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FAA clears Boeing to resume deliveries of 787 Dreamliner

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Federal regulators said Monday they are satisfied with changes Boeing has made in the production of its 787 Dreamliner passenger jet, clearing the way for the company to resume deliveries.

I bet Boeing execs must be very relieved, heck if it's true I 'might' even buy a small parcel of Boeing stocks (but jee-whizz, can a leopard change its spots?).

The 787 is a dream to fly on, it is the best wide body long haul lounge in the world, and will be so for a long time, there's just no competition, from any one, and no one would for the foreseeable future commit money to develop a competing product given the lesson learnt of Airbus's A380 financial disaster (that Airbus is still paying today). Reports from frequent flyers on forums say flyers are seeking out 787 flights even if they had to put up with terrible in flight meals and services.

This is such a leg up for Boeing that had the previous chair and CEO not messed up so much and for so long would have put Boeing in such good stead that it would have been untouchable for decades. BUT, can investors and flyers trust Boeing? Have they made up with the union?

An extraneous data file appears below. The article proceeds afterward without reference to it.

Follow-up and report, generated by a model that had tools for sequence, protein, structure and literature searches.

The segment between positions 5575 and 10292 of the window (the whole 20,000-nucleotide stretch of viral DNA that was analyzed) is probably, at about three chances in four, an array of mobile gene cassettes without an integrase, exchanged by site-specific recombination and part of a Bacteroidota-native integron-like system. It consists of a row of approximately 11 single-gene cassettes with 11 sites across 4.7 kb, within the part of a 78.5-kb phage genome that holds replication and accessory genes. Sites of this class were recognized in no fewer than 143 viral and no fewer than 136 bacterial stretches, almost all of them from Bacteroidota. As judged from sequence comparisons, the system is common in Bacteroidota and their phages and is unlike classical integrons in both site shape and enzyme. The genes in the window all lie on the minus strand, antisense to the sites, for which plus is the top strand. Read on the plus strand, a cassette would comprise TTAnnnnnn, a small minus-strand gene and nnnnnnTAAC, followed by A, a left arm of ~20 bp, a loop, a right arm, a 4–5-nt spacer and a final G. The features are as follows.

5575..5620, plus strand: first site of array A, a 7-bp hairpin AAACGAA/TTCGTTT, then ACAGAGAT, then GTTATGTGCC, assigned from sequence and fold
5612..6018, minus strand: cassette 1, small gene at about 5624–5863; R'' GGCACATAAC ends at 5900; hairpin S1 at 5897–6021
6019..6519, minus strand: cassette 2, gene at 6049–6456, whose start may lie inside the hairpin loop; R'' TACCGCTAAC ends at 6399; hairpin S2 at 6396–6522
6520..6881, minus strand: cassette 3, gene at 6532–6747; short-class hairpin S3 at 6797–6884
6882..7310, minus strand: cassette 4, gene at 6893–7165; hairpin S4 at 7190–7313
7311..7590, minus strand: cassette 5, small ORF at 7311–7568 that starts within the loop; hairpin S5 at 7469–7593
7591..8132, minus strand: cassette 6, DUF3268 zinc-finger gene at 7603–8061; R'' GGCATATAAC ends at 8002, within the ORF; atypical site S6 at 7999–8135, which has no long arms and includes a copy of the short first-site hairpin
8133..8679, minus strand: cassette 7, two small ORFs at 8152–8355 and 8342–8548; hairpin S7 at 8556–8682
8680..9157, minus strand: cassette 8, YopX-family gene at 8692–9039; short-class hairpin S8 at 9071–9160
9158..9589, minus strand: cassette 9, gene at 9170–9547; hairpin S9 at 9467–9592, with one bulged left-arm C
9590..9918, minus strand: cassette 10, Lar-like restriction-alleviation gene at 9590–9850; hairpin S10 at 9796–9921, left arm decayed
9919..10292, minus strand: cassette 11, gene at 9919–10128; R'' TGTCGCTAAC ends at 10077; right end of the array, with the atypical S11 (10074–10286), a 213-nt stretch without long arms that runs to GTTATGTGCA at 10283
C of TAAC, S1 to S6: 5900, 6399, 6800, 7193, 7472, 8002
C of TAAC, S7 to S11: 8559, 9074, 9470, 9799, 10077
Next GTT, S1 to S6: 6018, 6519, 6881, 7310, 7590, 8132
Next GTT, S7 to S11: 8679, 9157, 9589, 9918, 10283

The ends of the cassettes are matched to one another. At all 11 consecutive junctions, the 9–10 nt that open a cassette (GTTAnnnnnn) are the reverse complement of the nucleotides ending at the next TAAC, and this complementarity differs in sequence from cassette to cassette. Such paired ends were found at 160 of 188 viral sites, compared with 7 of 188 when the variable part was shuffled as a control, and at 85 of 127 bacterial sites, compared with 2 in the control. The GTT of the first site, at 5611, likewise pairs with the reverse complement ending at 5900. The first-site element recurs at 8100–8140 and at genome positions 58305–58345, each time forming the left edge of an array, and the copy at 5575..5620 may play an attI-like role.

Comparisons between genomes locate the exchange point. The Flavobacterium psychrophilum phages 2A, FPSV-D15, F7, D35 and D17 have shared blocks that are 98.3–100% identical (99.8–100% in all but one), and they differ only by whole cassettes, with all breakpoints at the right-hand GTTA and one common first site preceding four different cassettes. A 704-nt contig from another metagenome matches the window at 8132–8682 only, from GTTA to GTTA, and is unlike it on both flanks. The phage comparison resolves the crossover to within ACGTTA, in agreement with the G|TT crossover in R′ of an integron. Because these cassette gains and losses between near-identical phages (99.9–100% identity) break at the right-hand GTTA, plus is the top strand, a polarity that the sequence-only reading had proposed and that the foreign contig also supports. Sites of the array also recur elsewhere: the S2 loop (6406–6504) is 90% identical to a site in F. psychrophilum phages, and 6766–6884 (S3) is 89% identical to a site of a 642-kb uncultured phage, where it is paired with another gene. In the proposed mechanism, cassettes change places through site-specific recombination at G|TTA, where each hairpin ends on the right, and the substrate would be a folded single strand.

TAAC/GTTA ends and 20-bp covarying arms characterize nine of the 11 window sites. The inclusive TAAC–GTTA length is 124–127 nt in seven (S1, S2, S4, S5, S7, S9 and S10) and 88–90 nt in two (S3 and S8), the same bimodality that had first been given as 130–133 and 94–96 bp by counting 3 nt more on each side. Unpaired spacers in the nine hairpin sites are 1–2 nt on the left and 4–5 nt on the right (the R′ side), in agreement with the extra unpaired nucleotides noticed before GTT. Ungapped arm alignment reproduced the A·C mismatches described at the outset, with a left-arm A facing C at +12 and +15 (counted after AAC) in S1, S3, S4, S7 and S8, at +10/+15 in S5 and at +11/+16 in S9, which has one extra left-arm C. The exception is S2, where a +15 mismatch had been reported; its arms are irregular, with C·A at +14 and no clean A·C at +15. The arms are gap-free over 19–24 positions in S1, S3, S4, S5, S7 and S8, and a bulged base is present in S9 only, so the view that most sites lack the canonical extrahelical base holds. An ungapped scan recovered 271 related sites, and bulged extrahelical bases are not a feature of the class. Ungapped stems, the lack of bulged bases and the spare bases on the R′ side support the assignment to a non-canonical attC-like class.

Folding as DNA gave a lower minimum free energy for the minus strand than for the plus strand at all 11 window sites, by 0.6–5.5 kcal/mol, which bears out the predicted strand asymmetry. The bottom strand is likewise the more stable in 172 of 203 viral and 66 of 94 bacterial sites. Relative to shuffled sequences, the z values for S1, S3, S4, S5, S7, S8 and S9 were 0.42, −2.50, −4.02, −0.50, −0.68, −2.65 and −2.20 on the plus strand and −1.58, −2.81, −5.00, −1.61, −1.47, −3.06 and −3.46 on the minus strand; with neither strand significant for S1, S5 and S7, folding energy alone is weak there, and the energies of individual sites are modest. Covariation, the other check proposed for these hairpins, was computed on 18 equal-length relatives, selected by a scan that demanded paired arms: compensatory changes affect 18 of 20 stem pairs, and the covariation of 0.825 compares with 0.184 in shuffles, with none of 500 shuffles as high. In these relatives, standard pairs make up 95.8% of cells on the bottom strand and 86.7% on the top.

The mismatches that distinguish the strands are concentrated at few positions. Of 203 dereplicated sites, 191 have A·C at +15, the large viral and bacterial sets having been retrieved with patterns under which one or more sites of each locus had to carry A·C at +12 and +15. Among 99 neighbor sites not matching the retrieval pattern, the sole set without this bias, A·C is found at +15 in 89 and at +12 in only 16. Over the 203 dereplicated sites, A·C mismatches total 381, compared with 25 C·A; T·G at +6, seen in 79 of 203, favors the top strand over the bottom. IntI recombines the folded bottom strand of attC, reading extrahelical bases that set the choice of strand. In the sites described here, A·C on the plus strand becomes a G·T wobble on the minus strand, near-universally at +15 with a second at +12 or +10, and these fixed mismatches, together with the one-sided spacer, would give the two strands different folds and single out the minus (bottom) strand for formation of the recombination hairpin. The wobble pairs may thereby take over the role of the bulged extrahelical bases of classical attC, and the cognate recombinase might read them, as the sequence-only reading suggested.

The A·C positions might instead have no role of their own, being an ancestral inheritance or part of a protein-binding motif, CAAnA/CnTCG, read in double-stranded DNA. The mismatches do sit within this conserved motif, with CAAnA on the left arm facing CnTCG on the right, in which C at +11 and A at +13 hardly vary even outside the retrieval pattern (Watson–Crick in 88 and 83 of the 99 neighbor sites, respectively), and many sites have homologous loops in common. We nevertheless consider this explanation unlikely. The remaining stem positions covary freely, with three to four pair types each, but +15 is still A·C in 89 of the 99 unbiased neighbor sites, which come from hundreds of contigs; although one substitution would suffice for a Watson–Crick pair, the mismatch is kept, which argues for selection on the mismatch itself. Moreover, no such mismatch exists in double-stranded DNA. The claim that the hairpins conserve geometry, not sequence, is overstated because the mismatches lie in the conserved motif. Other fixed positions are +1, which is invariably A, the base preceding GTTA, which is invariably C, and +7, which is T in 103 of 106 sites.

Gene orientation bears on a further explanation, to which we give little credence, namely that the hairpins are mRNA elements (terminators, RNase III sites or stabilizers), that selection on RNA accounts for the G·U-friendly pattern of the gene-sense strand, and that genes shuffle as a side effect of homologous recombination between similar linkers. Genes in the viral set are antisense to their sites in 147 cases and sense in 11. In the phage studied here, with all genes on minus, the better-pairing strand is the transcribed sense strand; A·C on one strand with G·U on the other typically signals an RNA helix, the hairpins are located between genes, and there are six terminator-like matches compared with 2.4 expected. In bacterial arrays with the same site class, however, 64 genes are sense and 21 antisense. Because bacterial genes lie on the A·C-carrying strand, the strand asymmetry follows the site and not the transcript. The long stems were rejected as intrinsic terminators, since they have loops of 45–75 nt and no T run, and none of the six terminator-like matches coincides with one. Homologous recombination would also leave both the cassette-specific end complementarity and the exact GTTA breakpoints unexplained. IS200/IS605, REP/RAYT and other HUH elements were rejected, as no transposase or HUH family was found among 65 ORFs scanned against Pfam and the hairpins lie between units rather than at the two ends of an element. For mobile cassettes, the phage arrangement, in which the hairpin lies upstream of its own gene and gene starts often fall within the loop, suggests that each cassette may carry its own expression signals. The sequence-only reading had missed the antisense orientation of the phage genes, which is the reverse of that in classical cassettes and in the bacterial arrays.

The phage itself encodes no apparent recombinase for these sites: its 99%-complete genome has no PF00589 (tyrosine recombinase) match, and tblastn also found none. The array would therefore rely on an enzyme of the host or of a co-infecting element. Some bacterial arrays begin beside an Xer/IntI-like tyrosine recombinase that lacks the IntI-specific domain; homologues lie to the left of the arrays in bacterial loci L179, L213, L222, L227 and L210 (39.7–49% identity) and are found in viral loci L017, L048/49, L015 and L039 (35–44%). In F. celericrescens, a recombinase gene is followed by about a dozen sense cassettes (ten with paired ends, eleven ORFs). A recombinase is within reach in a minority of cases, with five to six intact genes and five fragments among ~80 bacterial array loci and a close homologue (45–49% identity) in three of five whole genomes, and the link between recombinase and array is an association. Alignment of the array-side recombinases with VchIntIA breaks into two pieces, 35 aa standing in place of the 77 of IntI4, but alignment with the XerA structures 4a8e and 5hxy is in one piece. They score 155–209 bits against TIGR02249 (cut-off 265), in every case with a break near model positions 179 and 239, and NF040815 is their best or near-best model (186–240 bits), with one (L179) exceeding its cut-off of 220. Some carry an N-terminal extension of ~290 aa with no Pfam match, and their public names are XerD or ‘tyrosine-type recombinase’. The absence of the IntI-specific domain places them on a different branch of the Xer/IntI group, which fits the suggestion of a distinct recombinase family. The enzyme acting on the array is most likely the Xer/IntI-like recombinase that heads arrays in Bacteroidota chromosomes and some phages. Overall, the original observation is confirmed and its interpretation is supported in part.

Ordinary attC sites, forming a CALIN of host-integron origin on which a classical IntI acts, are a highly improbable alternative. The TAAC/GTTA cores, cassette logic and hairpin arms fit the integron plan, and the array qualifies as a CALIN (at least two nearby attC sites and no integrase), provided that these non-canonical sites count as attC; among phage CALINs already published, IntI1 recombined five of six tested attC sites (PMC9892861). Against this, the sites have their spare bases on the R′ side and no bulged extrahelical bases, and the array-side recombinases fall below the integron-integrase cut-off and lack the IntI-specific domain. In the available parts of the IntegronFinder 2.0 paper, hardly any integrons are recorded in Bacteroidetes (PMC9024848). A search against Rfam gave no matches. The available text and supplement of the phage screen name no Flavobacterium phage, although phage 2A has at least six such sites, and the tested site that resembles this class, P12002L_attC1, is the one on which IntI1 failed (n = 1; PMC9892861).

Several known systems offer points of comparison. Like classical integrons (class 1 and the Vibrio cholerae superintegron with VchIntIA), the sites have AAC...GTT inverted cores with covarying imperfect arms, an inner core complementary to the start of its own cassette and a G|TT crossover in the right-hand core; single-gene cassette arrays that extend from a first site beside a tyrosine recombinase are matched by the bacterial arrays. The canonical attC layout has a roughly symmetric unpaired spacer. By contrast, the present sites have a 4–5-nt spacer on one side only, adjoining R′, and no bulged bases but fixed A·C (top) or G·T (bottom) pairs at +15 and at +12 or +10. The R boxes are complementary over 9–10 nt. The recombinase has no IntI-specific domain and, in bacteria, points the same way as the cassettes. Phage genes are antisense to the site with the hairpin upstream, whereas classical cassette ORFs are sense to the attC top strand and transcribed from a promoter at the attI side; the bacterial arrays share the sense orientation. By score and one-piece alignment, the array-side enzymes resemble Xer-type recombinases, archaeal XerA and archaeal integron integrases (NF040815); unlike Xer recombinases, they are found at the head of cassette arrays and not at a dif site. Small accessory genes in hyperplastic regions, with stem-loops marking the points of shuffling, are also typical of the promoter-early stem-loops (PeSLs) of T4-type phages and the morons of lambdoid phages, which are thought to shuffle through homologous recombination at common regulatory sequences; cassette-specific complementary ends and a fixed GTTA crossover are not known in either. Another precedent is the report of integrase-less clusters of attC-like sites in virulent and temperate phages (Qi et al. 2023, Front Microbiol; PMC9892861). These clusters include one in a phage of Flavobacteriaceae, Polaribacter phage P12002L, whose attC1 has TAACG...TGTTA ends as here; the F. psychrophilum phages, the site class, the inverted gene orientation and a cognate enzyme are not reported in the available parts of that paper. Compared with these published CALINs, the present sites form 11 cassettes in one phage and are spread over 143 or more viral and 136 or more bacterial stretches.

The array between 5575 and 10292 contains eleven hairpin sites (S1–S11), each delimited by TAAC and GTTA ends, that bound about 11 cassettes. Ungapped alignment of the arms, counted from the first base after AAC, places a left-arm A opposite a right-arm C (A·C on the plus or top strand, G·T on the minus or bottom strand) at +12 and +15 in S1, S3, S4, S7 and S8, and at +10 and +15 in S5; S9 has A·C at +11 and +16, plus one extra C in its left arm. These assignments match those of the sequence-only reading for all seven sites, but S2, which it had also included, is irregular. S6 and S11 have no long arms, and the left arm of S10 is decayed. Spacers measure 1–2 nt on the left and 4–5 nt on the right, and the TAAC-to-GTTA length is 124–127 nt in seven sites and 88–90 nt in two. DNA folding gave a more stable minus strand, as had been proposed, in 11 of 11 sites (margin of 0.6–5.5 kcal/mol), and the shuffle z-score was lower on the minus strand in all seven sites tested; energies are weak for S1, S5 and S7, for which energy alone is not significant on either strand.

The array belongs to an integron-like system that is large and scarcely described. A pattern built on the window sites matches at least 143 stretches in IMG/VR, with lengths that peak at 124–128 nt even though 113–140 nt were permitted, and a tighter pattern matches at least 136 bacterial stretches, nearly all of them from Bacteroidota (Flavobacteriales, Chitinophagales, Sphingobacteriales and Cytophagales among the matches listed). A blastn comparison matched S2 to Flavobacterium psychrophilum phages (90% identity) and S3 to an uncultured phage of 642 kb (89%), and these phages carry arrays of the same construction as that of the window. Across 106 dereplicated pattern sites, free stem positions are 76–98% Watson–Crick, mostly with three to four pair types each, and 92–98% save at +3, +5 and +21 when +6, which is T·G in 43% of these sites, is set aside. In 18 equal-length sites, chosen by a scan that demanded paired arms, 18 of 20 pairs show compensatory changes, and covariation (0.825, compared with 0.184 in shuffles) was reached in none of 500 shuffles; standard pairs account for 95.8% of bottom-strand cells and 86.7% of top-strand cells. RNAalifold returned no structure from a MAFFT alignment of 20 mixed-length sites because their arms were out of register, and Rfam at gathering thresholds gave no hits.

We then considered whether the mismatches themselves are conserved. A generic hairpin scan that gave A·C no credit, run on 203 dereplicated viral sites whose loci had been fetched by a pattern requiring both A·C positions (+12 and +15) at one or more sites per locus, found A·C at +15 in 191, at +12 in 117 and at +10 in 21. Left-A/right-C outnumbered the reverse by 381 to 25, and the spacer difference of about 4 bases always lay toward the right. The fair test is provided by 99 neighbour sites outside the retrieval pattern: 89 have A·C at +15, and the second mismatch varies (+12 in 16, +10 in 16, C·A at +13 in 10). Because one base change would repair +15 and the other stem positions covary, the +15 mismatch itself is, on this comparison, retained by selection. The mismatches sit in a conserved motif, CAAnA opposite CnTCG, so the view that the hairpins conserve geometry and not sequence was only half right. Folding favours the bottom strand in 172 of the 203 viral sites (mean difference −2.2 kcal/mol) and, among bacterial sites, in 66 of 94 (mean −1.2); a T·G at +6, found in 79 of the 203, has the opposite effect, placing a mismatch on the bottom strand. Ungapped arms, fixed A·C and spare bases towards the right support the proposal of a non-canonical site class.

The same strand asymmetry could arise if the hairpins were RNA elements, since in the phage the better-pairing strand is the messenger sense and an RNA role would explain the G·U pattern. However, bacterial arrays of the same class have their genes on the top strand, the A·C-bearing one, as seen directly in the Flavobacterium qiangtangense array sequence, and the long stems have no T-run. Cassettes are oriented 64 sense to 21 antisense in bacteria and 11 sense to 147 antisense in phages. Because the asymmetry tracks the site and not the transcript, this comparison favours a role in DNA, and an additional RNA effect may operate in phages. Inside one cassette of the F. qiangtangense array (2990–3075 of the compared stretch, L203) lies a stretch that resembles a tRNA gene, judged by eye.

Calhoun is talking and walking all the right stuff, but remember the board was very much on board with Muilenburg, and if 737 Max didn't crash, the board would still be happy with Muilenburg.

Shares of Boeing Co., which is based in Arlington, Virginia, gained less than 1%

Not surprising, once trust is lost, it takes a long time to regain.

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The 787 is a dream to fly on, it is the best wide body long haul lounge in the world

I was able to ignore the rest of the BS in the post, but not this one. The 787 doesn't even come close to the smooth, silent luxury of an A380's upper deck. That and a never ending string of safety issues and failures make this plane far from the best long haul. A380 did not bring much profit, perhaps because Airbus doesn't have a culture of compromising safety and quality, kind Boeing, hand in hand with the FAA have

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@ebisen: I do agree that the top desk of the A380 was by far the quietest ad smoothest place to fly , but your reasons given are not why it failed. Had the financial crisis of 2008 not happened and the 787 not come into service during the recovery period which really did take 7 years for the aviation industry then things may have been very different. As for safety and quality, then you have a slightly selective memory when it comes to engine problems early on.

The only airline it really made money for was Emirates as it suited their Dubai Hub model perfectly.

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A380's RR engine exploded once, due to an unforeseen design issue. That issue wasn't caused by management pressure to lower cost, nor did Airbus conspire with the safety authorities to lower the safety levels in order to save money. Not did they kill hundreds of people in the process. A big difference from Boeing.